URBANA, Ohio Urbana University Pitcher Jake Fishburn was looking forward to the college baseball season, but the Coronavirus pandemic cut that short.
“We were just kind of getting into the swing of things,” Fishburn said. “We had actually, went up and beat Akron university the night before. Then 24 hours later it was all over.”
- Urbana University announced it is closing permanently following the Spring 2020 term
- Urbana University was founded in 1850, and was rounding out its 170th year in higher education
- Urbana University currently has 1,254 students enrolled
But that was just the start of the changes facing Fishburn and his teammates. Now, Urbana University has announced their college, which has been around since 1850, is now closing, partially due to the virus.
“I think all of us are kind of speechless right now,” he said.
He says the announcement is a huge blow to the city of Urbana, as the school is a rallying point for the community.
"Not just for the athletes, for the community as well, I’m sure it’s overwhelming for everyone,” Fishburn said.
The closure means baseball, among all athletic programs at Urbana, are no more. It also means that the 1,254 students enrolled are now being absorbed into Franklin University, through online coursework.
Urbana has been operating as a branch campus of Franklin University since April 2014. Franklin University President Dr. David Decker says it’s a sad day, but ultimately the closure had to be made.
“Urbana University was about to go out of business in 2014,” Decker said. “Franklin stepped in and invested a lot of money and a lot of effort in an attempt to sustain and preserve the 150-year tradition of Urbana University. We made some progress at that, achieved some results. But the uncertainty, as I say from this pandemic, just make it impossible to see a pathway for economic viability for the campus.”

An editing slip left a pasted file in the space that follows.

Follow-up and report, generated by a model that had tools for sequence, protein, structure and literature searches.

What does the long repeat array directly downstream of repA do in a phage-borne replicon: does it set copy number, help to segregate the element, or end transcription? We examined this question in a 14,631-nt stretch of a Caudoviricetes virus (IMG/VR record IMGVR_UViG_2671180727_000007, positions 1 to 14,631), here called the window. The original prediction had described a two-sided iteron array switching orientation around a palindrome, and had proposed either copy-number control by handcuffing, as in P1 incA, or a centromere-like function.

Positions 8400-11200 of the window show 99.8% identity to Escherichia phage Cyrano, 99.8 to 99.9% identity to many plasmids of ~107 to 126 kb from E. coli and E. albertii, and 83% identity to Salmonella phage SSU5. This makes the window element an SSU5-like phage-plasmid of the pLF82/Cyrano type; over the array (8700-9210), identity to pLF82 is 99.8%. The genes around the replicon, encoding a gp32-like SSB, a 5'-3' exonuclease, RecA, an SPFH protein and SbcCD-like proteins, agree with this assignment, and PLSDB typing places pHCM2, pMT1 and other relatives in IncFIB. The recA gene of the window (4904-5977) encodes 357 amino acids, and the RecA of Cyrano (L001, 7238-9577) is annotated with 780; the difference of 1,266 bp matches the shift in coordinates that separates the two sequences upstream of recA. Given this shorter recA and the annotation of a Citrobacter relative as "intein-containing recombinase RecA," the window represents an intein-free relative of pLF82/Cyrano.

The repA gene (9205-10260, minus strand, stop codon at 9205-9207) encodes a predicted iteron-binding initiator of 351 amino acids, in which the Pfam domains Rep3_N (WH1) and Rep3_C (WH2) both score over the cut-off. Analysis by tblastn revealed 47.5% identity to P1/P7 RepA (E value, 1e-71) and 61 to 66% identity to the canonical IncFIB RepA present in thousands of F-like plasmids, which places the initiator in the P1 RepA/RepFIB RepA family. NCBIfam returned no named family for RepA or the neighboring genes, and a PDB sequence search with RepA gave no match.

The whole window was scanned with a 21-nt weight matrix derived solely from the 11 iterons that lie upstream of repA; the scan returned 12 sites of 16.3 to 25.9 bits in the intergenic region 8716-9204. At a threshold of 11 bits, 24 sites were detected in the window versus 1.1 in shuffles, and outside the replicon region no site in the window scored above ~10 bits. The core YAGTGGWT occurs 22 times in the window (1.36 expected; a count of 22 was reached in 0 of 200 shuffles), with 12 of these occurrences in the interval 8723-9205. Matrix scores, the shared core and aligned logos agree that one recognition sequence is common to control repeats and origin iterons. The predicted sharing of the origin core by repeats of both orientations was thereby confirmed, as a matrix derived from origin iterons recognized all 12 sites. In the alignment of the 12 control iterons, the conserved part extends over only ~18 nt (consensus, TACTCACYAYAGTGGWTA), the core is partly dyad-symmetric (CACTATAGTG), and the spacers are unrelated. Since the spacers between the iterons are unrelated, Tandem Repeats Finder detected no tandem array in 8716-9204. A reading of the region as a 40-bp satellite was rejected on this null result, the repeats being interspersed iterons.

Seventy-five percent of the students enrolled are already taking classes solely online. So most will feel no impact by the transition. Decker says he hopes all can continue to work toward their academic goals.
“With the 350-or so residential students, we will work with each one of them to make sure they have the maximum opportunity to finish their degrees on time,” Decker said. “We want everyone to succeed, and we believe we’ll be able to do that.”
He says students who wish to transfer to another university will be assisted by Franklin to do so.
Another group impacted by the closure is the 111 full-time employees. Decker says a small number will be offered continued employment with Franklin, but most will not, but they will receive severance pay.
“We did our very best to have a very fair and dignified and respectful severance package, and I believe we have succeeded,” he said.
And for students-athletes like Fishburn, moving forward isn’t going to be easy, nor is it the path they envisioned when committing to Urbana — but he knows he has to keep a level head to make the best decision to continue his athletic career.
“I feel for all of us, I hope that everyone kind of figures out where we are supposed to go,” Fishburn said. “Urbana is a real tight-knit community. Everyone is a family, all of us support each other a lot. So I hope nothing but the best for everyone that I’ve met up here.”
For more information on the closure of Urbana University, visit their website.